Maths at home Top 5 activities
1. Estimation jars.
Take a clear jar or box and fill it with lots of different items e.g. toy cars, sweets, coins, dried pasta, wax crayons, cereal, anything you have around the house that can fit in a jar!
Children can then estimate how many items they think are in the jar or they can fill them and challenge parents to guess how many. Once an estimation has been made, count out the objects. Group objects in tens to help children keep track of how many objects there are altogether.
2. Card games.
All the games suggested here will use four lots of digit cards from 1-9. If you have a pack of playing cards, you can use the numbered cards from there. If you don’t, they can easily be made, consider cutting up a leftover cereal box or other cardboard/paper to make the cards.
Number bonds match (suitable for KS1 children)
For this game, use 2 sets of the 1 – 9 digit cards plus two extra 5s.
1. Lay the cards out on a flat surface, face down so you can’t see the digits.
2. Take turns to turn over 2 cards at a time, if you get a number bond to 10 (numbers that add to 10), you keep the cards.
3. Once all the cards have been turned over, whoever has the most pairs, wins!
Times table blast (suitable for KS2 children)
For this game use four sets of 1 – 9 digit cards.
1. Deal five cards to each player and place the rest in a pile in the middle of the players.
2. On their turn, one player will place one of their cards down in front of them and turn one over from the pile.
3. The player must then multiply the numbers together and say the product. If they are right, they keep both cards. If they are wrong, other players can buzz in by saying their name and then the correct answer. If they are correct, they get to keep the cards.
4. The aim of the game is to be the last player to have cards left.
This game can also be played by adding the numbers together instead of multiplying.
There are plenty more games that you can play as well. Encourage children to make up their own games with the cards and create their own rules. Children can link them to existing games such as Go Fish or Snap, but think about looking for number bonds instead of making sets or runs.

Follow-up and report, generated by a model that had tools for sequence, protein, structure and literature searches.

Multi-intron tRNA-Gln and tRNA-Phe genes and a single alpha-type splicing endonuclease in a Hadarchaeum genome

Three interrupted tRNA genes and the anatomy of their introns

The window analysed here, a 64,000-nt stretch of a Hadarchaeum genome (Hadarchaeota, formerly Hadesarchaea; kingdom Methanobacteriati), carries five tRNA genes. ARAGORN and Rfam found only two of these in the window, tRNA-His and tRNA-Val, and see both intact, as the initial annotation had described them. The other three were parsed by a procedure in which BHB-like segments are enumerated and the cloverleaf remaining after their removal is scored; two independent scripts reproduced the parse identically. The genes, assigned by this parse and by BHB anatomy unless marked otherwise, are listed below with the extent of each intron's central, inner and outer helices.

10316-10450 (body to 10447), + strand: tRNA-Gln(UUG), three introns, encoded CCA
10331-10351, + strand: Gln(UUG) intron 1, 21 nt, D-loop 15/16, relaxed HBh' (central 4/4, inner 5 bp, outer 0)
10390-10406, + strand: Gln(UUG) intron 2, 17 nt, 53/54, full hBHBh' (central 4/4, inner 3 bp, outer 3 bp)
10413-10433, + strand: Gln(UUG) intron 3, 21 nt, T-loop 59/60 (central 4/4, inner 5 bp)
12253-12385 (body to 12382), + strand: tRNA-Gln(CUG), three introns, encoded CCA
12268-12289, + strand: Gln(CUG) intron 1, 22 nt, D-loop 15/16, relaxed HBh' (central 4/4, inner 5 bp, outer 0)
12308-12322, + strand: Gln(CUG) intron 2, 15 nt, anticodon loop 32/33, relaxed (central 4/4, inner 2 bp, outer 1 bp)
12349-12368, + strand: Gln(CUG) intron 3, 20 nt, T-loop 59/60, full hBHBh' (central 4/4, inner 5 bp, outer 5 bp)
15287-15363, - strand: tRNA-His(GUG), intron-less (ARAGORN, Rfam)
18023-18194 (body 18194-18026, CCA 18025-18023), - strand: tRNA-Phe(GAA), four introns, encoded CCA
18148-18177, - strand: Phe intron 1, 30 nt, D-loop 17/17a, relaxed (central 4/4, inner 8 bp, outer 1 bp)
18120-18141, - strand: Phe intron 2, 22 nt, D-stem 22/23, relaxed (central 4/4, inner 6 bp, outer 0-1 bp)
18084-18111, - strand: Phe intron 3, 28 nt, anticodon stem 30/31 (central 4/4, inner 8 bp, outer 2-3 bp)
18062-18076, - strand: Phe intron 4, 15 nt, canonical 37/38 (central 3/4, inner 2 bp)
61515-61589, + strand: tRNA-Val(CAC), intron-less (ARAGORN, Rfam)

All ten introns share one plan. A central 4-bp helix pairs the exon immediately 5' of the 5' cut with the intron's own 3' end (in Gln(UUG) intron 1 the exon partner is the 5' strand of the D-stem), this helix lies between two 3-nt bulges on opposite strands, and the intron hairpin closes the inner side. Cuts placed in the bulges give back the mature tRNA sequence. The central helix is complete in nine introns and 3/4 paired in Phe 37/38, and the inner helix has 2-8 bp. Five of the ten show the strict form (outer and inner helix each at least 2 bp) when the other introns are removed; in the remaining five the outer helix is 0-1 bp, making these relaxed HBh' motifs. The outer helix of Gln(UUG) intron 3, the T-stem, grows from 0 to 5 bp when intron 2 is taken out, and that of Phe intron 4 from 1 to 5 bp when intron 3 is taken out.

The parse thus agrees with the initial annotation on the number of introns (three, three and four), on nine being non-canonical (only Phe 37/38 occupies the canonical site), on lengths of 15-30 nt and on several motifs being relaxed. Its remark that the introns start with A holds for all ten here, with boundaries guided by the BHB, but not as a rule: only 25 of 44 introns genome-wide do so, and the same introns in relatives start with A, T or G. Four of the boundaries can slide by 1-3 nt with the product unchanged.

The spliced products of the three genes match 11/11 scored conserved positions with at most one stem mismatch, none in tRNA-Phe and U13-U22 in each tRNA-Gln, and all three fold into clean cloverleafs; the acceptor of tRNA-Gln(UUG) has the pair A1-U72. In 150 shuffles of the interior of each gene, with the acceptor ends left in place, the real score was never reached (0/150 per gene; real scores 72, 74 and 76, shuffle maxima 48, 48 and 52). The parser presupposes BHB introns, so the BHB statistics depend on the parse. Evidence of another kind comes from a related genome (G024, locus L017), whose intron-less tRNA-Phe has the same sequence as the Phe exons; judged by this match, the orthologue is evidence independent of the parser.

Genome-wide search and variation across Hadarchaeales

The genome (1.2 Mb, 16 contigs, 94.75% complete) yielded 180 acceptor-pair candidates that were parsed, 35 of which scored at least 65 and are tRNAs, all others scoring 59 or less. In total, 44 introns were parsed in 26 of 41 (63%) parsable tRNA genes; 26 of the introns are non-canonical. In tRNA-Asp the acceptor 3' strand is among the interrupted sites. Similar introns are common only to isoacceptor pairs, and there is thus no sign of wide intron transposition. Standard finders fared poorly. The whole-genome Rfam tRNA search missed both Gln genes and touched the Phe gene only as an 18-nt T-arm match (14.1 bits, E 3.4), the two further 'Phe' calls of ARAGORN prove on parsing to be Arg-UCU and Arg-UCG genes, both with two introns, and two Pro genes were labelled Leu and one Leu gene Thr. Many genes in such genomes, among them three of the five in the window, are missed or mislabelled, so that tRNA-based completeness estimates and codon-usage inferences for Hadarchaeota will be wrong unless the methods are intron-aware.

3. Cooking and baking.
Make the most of everyday opportunities by encouraging children to get involved in cooking and baking where possible. Weighing out ingredients gives opportunities to read numbers and think about real-life measures. If the recipe is for 12 cupcakes, but you want to make more or fewer, encourage children to think about what we need to multiply or divide by to find the new quantities that are needed.
4. Treasure hunt.
Make the most of being in the house by creating a treasure hunt. Ask children to think about a route around the house and create directions from room to room. They could have mathematical questions hidden in each room to complete before moving on to the next clue. Challenge children to create the treasure hunt themselves before completing it together.
5. Minute madness.
How many star jumps can you do in a minute? How many times can you write your name in a minute? How many socks can you get into a washing basket in a minute? Just three possible challenges you could set using a countdown timer. Take a look at the ‘Minute to win it’ games online for even more challenges you have to try and do within a minute. These are a brilliant way to break up a day and think about how long a minute really is!
With these 5 tips, hopefully home learning can become more active and fun as well as part of your daily routine. The most important thing is that children continue to enjoy Maths and see it as something that can bring everyone together whether it be in a game or a baking marathon.
Are you unsure of how to support your child with their maths work at home? Not sure which calculation strategy to use?
Look no further than our Calculation Progression Policies for addition, subtraction, multiplication and division.
Here are some of the comments from our parents:
"Very impressed - I can now help my children without confusing them."
" I found it really useful understanding the progression from one technique to another."